On the basis of early results (and specious or unreliable indicators), many industry observers predicted this would be the best holiday season in a long time. It turns out, eh, not so much. In fact, at least one guy was pretty skeptical all along.
But you don’t have to be some sort of retail savant (I’m not) or have the gift of prophecy (I don’t) to have seen this coming. While the idiotic U.S. government shutdown, along with every retailer’s favorite scapegoat (the weather), had a largely unexpected dampening effect, anyone who was paying attention could have predicted that retailers with highly customer-relevant and remarkable offerings would do comparatively well and that those stuck in the boring middle would continue to struggle. Which brings me to Macy’s and JC Penney, the two mall-based department stores that reported earnings this week.
Under the newish leadership of Jeff Gennette, Macy’s has embarked on a number of new initiatives, which my fellow Forbes contributor Walter Loeb recently outlined. While I applaud the company’s willingness to try new things, its results continue to be decidedly uninspiring. As sales continue to go nowhere, Macy’s has resorted to what just about every other retailer that can’t seem to get on a path to being truly customer relevant does—namely, cut costs and close stores. As the saying goes, when all you have is a hammer, everything starts to look like a nail. w
JC Penney recently reported fourth-quarter earnings and managed to top analysts’ estimates. And when we say “top,” we mean they were not quite as horribly sucky as anticipated. Same-store sales were down “only” 4%, and operating losses were only somewhat awful. And, you guessed it, the company also announced it was going to close a bunch of stores.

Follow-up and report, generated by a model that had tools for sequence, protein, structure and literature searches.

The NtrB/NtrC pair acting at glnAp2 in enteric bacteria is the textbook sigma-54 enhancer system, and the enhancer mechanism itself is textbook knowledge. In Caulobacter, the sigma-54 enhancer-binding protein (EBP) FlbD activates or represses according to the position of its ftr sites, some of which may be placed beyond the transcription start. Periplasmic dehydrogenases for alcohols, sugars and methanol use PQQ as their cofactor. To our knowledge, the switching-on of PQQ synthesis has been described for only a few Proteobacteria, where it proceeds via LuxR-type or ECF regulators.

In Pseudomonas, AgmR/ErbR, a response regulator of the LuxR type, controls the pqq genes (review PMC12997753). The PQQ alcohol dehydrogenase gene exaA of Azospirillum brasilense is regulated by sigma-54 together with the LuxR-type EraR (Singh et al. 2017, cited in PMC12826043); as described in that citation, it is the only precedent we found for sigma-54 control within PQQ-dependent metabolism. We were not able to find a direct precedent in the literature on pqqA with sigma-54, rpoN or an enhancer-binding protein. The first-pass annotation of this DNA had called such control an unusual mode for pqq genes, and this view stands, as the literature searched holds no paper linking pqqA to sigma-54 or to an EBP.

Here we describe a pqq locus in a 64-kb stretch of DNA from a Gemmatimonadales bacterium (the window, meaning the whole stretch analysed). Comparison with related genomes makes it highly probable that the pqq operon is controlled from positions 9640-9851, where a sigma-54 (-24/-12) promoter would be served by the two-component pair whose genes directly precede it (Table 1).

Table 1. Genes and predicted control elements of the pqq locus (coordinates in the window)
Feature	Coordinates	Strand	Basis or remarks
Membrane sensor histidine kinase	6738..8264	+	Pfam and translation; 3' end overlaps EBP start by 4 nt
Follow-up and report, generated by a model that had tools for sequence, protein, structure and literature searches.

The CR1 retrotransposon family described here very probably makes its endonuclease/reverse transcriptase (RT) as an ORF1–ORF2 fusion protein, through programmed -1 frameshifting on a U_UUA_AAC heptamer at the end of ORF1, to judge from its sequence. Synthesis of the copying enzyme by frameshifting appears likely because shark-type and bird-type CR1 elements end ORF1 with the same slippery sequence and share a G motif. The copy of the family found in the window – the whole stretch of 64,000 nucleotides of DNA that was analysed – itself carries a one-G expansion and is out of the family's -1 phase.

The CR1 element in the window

Amid the generally bad news—which comes, I might add, as Sears (its neighbor in hundreds of locations) hemorrhages market share—was one bright spot: The company did manage to reduce bloated inventory levels by some 13%.
New CEO Jill Soltau also said that the company “has the capacity to produce improved results.” You know, kind of like I have the capacity to complete a triathlon. So good luck and Godspeed to us both.
As Macy’s and JC Penney close the financial chapter on 2018 and try, yet again, to reset their overall cost base, there are five things that need to be kept front and center as we move forward.
1. The stall at the mall is real, and there is no going back. As I’ve written about many times, the moderate-department-store sector has been losing share for decades, first to discount mass merchants and category killers and then (mostly) to off-price retailers. The format is structurally disadvantaged. Accept the things you cannot change.
2. Stop blaming Amazon. To be sure, the growth of online, and Amazon in particular, has added extra challenges, but most of the share losses in the past decade have not been to online-only players, and as mentioned above, both these brands were struggling way before Jeff Bezos had impressive biceps. And by the way, I’m pretty sure there is no law against Macy’s and JC Penney having really good digital capabilities (see Neiman Marcus, Nordstrom et al.).